So there are a lot of steps in this process, but it is moving. We can do this but we need to coordinate our efforts as tree advocates so that we can speak in unison and work in unison to be most effective.

Join us at our meeting tomorrow Sat. July 6th to discuss the next steps.

Coalition for a Stronger Tree Ordinance
Campaign Planning Workshop on Updating  Seattle’s Tree Protection Ordinance in 2019 
Saturday July 6, 2019 10:15 AM to 12:15 PM
Broadview Library, 12755 Greenwood  Ave NE, Seattle, WA

Also help is needed now with  donations to fund our campaign.
Click on this link to give a campaign donation to  update the tree ordinance via TreePAC.org today. Thanks

  Donate here

Steve Zemke

Chair – Coalition for a Stronger Tree Ordinance – a Project of Friends of Seattle’s Urban Forest and TreePAC.

websites – www.Friends.UrbanForests.org and www.TreePAC.org

facebook – Friends of Seattle’s Urban Forest  and facebook – Tree PAC

Seattle Urban Forestry Commission submits Draft Tree Protection Ordinance Update to Council

Seattle City Councilmember Sally Bagshaw to Champion Tree Protection Ordinance Update

Seattle City Councilmember Sally Bagshaw, who Chairs the Finance and Neighborhoods Committee, has agreed to pick up the effort to update Seattle’s Tree Protection Ordinance. The legislation was being pushed by Councilmember Rob Johnson for the last year and a half. Johnson resigned earlier this year after the Seattle City Council passed the Mandatory Housing Affordability Ordinance he was pushing.

Councilmember Bagshaw met with the Seattle Urban Forestry Commission last month and urged them to send her a draft for her to consider. On June 14, 2019 four members of the Urban Forestry Commission met with her – Weston Brinkley the UFC Chair, Stuart Niven – Arborist, Josh Morris – NGO position (Seattle Audubon) and Steve Zemke -Wildlife Biologist. (Sandra Whiting -Urban Ecologist had also participated in the drafting but was not present).  They presented Councilmember Bagshaw  with the draft they had prepared.

Draft – Tree and Urban Forest and Land Use Regulations.

Outline of UFC Draft Tree and Urban Forestry and Land Use Regulations June 14, 2019 draft

Seattle’s Tree Ordinance on the Move Again

Coalition for a Stronger Tree Ordinance
Seattle’s Tree Protection Ordinance Update is on the move again. Councilmember Sally Bagshaw has agreed to move this legislation forward, after Councilmember Rob Johnson resigned from the Seattle City Council earlier this year.

Councilmember Bagshaw met with the Seattle Urban Forestry Commission last month and asked them to produce a draft update of the ordinance. A new draft is being finalized, based on the Seattle City Council’s previous work, the current ordinance,  the Seattle Urban Forestry Commission’s  work and the issues the City Council agreed with in the accompanying City Council Resolution passed  as part of the MHA Ordinance.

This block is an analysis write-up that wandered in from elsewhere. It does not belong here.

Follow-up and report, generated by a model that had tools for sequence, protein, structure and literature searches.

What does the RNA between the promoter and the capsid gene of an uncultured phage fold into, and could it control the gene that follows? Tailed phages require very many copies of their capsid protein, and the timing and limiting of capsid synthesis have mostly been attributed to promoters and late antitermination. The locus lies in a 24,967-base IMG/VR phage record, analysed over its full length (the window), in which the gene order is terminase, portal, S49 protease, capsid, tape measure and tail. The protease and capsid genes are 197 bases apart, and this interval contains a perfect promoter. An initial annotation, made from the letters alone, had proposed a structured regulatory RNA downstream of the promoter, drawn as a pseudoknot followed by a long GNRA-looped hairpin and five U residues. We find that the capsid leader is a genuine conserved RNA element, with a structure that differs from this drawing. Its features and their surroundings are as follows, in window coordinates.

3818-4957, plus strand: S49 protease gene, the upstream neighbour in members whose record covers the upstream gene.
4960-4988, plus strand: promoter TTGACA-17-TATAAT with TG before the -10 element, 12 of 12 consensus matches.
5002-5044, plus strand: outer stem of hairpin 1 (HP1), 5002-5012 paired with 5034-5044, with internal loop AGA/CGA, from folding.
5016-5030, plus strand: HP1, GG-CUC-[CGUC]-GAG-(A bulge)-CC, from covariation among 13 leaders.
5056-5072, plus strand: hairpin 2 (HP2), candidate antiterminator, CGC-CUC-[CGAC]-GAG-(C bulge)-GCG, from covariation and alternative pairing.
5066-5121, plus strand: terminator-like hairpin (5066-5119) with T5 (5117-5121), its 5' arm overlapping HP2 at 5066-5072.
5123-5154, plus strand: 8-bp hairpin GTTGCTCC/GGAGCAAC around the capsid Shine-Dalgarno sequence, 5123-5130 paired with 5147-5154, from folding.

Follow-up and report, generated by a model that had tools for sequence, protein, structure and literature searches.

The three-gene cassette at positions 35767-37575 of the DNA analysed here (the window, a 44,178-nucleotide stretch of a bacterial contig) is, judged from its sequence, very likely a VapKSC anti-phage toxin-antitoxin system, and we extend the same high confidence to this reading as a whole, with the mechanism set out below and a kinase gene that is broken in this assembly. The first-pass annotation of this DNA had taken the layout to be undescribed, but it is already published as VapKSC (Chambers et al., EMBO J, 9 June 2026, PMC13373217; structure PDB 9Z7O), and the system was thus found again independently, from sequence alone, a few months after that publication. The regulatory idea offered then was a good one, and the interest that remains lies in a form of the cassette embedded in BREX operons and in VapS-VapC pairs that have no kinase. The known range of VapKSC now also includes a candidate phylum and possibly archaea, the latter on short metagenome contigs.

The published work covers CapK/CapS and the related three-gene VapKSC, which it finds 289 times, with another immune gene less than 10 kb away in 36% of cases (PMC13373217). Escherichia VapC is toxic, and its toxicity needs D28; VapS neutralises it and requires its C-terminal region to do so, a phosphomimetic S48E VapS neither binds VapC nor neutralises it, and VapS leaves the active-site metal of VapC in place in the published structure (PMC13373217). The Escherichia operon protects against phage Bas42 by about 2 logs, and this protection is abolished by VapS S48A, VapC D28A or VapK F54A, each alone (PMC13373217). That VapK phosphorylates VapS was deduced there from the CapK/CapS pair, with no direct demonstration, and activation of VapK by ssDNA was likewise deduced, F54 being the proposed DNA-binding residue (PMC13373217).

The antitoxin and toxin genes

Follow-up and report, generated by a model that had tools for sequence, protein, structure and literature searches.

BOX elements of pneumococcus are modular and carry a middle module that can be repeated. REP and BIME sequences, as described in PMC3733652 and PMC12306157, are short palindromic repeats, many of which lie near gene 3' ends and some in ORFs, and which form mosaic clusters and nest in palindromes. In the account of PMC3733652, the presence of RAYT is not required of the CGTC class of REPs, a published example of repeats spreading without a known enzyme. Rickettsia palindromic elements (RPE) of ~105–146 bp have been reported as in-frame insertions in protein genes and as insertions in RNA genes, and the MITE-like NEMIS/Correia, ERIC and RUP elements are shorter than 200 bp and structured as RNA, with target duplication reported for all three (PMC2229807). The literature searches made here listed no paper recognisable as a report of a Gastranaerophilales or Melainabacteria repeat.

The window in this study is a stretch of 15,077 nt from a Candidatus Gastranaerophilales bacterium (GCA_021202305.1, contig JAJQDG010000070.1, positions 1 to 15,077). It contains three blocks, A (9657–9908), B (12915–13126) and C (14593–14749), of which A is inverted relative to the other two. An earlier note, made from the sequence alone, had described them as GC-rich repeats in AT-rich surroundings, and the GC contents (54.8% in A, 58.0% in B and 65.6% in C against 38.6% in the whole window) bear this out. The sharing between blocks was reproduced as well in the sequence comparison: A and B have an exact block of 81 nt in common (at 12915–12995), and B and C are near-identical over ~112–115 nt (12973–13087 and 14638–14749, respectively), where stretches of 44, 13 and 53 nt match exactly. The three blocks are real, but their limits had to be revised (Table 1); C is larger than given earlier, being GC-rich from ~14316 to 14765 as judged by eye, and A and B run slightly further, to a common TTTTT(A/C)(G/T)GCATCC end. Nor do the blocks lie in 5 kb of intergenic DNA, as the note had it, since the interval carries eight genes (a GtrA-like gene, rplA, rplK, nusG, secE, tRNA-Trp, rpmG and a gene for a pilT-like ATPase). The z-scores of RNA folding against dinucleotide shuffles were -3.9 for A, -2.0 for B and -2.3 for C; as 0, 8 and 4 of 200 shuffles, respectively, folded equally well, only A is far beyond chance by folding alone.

A drafting committee of the Seattle Urban Forestry Commission will be presenting their draft to Councilmember Bagshaw and Council staff on Friday June 14, 2019.

The Coalition for a Stronger Tree Ordinance will be meeting the next day, Saturday, June 15th, to discuss what’s in the draft and what comes next. You’re invited to come and participate in the discussion.

Coalition for a Stronger Tree Ordinance
Briefing on Tree Protection Ordinance Update
Saturday June 15, 2019 10:30 AM to 12:30 PM
Lake City Library, 12501 28th Ave NE, Seattle, WA

Looking forward to seeing you Saturday..

Steve Zemke

Chair – Coalition for a Stronger Tree Ordinance – a Project of Friends of Seattle’s Urban Forest and TreePAC.

 

New Tree Rules for Single-Family Homes in Seattle

New Tree Rules for Single-Family Zones

Large treeOn April 19, new rules went into effect for tree planting and protection requirements in single-family zones. The recently passed Mandatory Housing Affordability Ordinance 125791 made several important changes to tree protection requirements in the Seattle Municipal Code (SMC) 25.11, Tree Protection, and SMC 23.44, Single Family Zone. Those changes are:

  1. SMC 25.11.040, Restrictions on Tree Removal, no longer includes an exemption from the exceptional tree designation or from requirements for tree removal on single-family lots less than 5,000 square feet. The exceptional tree rules now apply to all sizes of lots in single-family zones, including the residential small lot category. Trees can now be removed only under the same criteria that apply to lots greater than 5,000 square feet.
  2. The residential small lot (RSL) zone is now a part of SMC 23.44, Residential, Single-Family.
  3. The tree planting, retention, and protection requirements for single-family zones, formerly located in SMC 23.44.008.I, are now in a new section, SMC 23.44.020.  The “caliper inch” planting or retention requirement for lots zoned as single-family 5,000, 7,200, and 9,600 remain the same (SMC 23.44.020.A).  Planting or tree retention requirements for RSL lots is different. It is based on a point system and providing street trees is now required (SMC 23.44.020.B).  Unlike the other three single-family zones where street trees can be counted toward the planting or retention requirement, street trees are not counted toward the on-site requirement in RSL zones.

For more information about tree protection rules, see our Tree Protection Code webpage.

article copied from SDCI website  – New Rules for Single-Family Zones